Ever since the Aurora Bridge was erected in 1932 there have been reports of troll sightings underneath. Now we can say for sure that a troll has taken up residence on the north end of the Aurora Bridge.
Fremont’s neighborhood trolls have come a long way from the terrifying Trolls of legend. They have, in fact, become quite civilized, fun loving local celebrities. Trolls love to cavort in parades and share an endless passion for dance and any kind of festivities. They are not interested in eating people anymore but have been known to take entire cars apart looking for shiny bits inside. So, a word of caution; it’s best to hide any car parts you might have about your person and be sure to watch your vehicles when visiting the Fremont Troll.
HISTORY: The Troll Monument
In 1989, the city asked the Fremont Arts Council to launched an art competition to rehabilitate the area under the bridge, which was becoming a dumping ground and haven for drug dealers. Later that year a team led by sculptor Steve Badanes won the competition and was inspired by the folktale Billy Goat’s Gruff. It is made from rebar steel, wire and 2 tons of messy ferroconcrete, 18 ft tall with a shiny metal eye and crushing a Volkswagen Beetle in his left hand (which was a time capsule for Elvis Memorabilia for a while until vandalized).
Need more Troll?
Hear stories, see more pictures and learn about events taking place at the toll on his Facebook Page.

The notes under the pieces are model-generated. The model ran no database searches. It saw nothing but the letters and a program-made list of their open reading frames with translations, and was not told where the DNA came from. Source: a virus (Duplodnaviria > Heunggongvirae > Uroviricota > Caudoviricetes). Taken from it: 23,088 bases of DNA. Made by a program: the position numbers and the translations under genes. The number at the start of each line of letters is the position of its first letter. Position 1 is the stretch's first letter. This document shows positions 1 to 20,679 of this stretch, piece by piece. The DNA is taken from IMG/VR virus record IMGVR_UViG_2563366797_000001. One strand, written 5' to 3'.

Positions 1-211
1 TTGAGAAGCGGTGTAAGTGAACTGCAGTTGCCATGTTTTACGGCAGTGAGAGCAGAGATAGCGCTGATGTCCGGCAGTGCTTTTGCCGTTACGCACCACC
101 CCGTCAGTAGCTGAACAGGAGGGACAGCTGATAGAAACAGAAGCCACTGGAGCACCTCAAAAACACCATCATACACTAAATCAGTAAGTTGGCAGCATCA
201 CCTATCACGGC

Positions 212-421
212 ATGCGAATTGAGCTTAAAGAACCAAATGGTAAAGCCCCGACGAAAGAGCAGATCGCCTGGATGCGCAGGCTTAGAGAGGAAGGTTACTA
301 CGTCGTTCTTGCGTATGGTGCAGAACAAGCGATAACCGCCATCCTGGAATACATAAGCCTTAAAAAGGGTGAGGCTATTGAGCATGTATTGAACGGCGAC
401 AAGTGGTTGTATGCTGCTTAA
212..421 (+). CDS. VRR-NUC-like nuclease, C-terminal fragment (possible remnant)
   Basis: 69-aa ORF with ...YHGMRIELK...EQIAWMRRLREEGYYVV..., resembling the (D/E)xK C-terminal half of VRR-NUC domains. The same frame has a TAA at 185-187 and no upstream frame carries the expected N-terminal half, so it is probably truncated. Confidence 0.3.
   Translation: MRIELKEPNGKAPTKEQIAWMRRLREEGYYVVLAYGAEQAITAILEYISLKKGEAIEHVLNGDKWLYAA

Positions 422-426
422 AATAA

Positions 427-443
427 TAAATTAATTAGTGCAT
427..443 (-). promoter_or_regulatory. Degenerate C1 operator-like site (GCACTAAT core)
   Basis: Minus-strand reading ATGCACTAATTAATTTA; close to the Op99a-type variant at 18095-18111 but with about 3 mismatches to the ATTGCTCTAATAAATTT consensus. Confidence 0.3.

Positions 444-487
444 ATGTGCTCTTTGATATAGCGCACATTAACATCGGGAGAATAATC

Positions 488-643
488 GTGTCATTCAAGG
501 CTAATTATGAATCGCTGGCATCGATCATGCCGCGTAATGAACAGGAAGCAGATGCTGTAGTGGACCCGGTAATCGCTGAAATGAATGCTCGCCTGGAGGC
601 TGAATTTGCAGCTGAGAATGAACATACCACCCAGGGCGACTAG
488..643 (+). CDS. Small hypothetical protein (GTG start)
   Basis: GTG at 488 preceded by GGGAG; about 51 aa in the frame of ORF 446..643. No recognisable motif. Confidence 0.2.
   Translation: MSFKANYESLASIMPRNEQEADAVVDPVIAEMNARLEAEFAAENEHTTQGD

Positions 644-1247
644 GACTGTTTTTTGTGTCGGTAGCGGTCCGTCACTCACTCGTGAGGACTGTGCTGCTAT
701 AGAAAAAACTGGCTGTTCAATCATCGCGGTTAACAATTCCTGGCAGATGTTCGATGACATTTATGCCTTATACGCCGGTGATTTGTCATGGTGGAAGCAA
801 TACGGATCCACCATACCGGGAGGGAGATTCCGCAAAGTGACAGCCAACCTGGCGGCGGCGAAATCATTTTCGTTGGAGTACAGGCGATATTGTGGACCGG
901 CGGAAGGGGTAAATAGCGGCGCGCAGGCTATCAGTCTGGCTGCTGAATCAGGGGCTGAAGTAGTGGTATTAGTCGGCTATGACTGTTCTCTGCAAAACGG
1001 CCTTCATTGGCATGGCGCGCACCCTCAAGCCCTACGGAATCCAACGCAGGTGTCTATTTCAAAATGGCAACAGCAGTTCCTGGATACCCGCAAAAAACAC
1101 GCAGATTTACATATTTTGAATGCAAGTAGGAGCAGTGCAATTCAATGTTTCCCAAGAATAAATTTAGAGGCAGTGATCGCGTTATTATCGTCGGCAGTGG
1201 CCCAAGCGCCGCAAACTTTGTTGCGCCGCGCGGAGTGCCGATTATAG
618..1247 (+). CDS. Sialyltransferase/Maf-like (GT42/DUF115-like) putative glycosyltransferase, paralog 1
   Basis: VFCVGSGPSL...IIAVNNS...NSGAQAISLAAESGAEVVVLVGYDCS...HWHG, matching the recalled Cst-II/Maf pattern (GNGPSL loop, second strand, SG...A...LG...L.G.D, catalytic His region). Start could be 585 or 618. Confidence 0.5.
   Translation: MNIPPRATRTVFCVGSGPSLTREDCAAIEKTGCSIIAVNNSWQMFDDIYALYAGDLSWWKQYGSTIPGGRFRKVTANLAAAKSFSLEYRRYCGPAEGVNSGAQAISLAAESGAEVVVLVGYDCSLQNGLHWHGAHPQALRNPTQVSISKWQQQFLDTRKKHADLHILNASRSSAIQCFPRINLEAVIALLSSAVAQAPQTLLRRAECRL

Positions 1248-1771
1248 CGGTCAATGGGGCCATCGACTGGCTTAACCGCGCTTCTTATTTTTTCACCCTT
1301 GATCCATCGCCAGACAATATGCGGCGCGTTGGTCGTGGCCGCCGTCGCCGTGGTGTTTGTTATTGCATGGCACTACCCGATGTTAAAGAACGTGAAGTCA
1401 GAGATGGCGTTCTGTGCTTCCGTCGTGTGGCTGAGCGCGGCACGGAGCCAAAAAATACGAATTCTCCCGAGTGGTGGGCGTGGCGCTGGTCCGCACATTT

The Fremont Troll is quite the celebrity, he has been featured in films like The Twilight Saga, Death Note, Sleepless in Seattle and many more.
People have even written songs about him. In 2016 the Chicago rock band Majungas released “The Fremont Troll” off their Seattle Rock album Listen to their song.
- If you can’t come to Fremont to see the troll, Carel Struycken has made a 360° view of the Fremont Troll (January 9, 2009).
- Join the Troll on Facebook
- Read about the Troll on Wikipedia
- Read about our new Troll’s Knoll Park!
- Roadside America’s 2010 article will tell you more about the Elvis time capsule, which was briefly contained inside the Troll.
Copyright: All commercial use of The Troll‘s image must first have permission in writing from the artist. Postcards, beer, magazines, online websites and other products approved by the artists are available. Please contact Steve Badanes at firstname.lastname@example.org